A person chooses what to read from the information tags given to the story and the summary. If something it’s not in their range of liking, they’ll discard it without a second thought.
Not everyone likes everything. There are people who are extremely sensitive to some themes, and the ones who are prone to more extreme reading.
It’s not said that a fan of a certain series seen/read all of it, and doesn’t want to be spoilered about it.
Not to mention that changes are not always appreciated.
If you don’t rate your story properly, someone can come across not very pleasant moments reading your production.
All sites have a very strict policy regarding mature and explicit contents(Mostly graphic violence and sex scenes), if you have the intention to write even one single sentence containing these themes, you’ll need to properly tag it.
There are multiple ways this can be done, also according to the site you’re posting to:
-Some sites ask you to tick a box before publishing your writing (ex. deviantArt). You must tick the box “It contains adult/mature content”;
-Other sites have filters for non-suitable for working (NSFW) tags (ex. Tumblr.), so always be sure to put #NSFW or #nsfw in the tag box;
-Sites like Fanfiction.net or AO3 have their own list to rate the content. Here, there are more choices. The mature content could be rated M, R18 or PG15; then there are also lower categories for example T or PG13 (suitable for teens, it may contain sexual or violent themes, but yet no graphic violence),
Since each site has its own rating system, here are two links to explain the more common:
All these recommendations to say that you’ll need to properly rate your work in order to avoid the readers unpleasant surprises.
In case you tag your FF as mature, it could be better to add an extra specific warning in the summary (like “Yaoi”, “Yuri”, “Gore”, “Blood”, “Character death”…).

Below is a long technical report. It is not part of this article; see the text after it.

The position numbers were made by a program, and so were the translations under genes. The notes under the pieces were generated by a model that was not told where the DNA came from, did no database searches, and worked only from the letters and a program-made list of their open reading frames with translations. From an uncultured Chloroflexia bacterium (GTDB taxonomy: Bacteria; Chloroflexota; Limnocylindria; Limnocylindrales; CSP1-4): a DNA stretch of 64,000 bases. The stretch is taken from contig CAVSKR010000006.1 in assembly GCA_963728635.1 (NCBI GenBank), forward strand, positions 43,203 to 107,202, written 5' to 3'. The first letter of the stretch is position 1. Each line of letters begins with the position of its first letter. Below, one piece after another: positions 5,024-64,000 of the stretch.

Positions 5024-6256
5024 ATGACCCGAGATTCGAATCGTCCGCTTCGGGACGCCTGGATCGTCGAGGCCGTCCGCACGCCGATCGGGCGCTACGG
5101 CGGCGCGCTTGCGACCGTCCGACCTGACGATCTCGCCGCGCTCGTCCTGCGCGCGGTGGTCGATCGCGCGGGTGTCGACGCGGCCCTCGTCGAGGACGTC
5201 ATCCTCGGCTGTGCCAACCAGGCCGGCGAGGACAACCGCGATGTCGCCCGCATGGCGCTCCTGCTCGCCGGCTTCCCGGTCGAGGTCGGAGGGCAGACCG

Another thing you should always do is specifying some modifications you apply to the original story or characters. In that case, put an author note in the beginning.
For modification I mean:
-AU (Alternate Universe, when you put the characters in a dimension that is different from the one in the original story). Some examples can be:
1- Put the characters that in the original story are grown up and working in a high school;
2- Make characters from a fantasy universe  live in the real world;
3-Adding prequels or sequels that are not mentioned in the original story ; mentioning the example of prof. Oak, like if he was from Kalos and lived part of his young life there.
-Character age: sometimes in the series (for example in Pokèmon), not all the characters have a defined age, thus is always better to specify which age you give to the characters, if this is a key factor for the story (ex. If you think that the Elite Four Lucian and Aaron are the same age, you’d better specify because the impressions a simple look can give are the most different)
-When a character has a different psychological profile: In this case you should write OOC (Out of character). For example, if Prof. Oak is evil

Spoilers: it may happen that not everyone watched the complete series or arrived at the same point in the game, so if in the story there are reference to a certain part of the series/comic/game, write on the author’s note some piece of advices like : “Spoiler alert: it contains description of events happened in chapter 23

Genderbent(*) are very common in the FF universe, so better specify it before (ex. Fem!Naruto; Male!Sabrina).
*When a character that is male/female in the original series is of the opposite sex in the story.
In general is always better to point out when a character has a different form from the original. Usually these modifications are identified with the following formula [Different form]![Character name]
Some examples are:
-Chibi![C.n.], Baby![C.N.] to point out that an adult character is a baby in the story;
-Human![c.n]: means that a character that’s not human in the series is a man/woman in the fanfiction;
-Nyo![C.n.], Fem![C.n]: means that a male character is a woman
These are just few examples, the list can go on to infinite.
It can also rely to the character attitude or job (ex. Yandere![C.n], Policeman![c.n])

Warn if you put an OC(*) into the story. Remember you’re writing a fanfiction, not an original story. Not everyone likes to see this characters
*Original Character = a character created by a fan and put inside an existing fandom, in the case of fanfiction.

Specify the relationship in the pairings like Yuri, Yaoi, shonen-ai

Of course, you don’t have to write down all the advices, for example if you put “Durarara!! Kindergarten AU”, it’s useless to write Baby!Shizuo, Baby!Celty Teacher!Simon.

Critical point number three: Original Characters
Before I mentioned the OCs, now it’s better explain why not always these characters are appreciated by Fanfiction readers.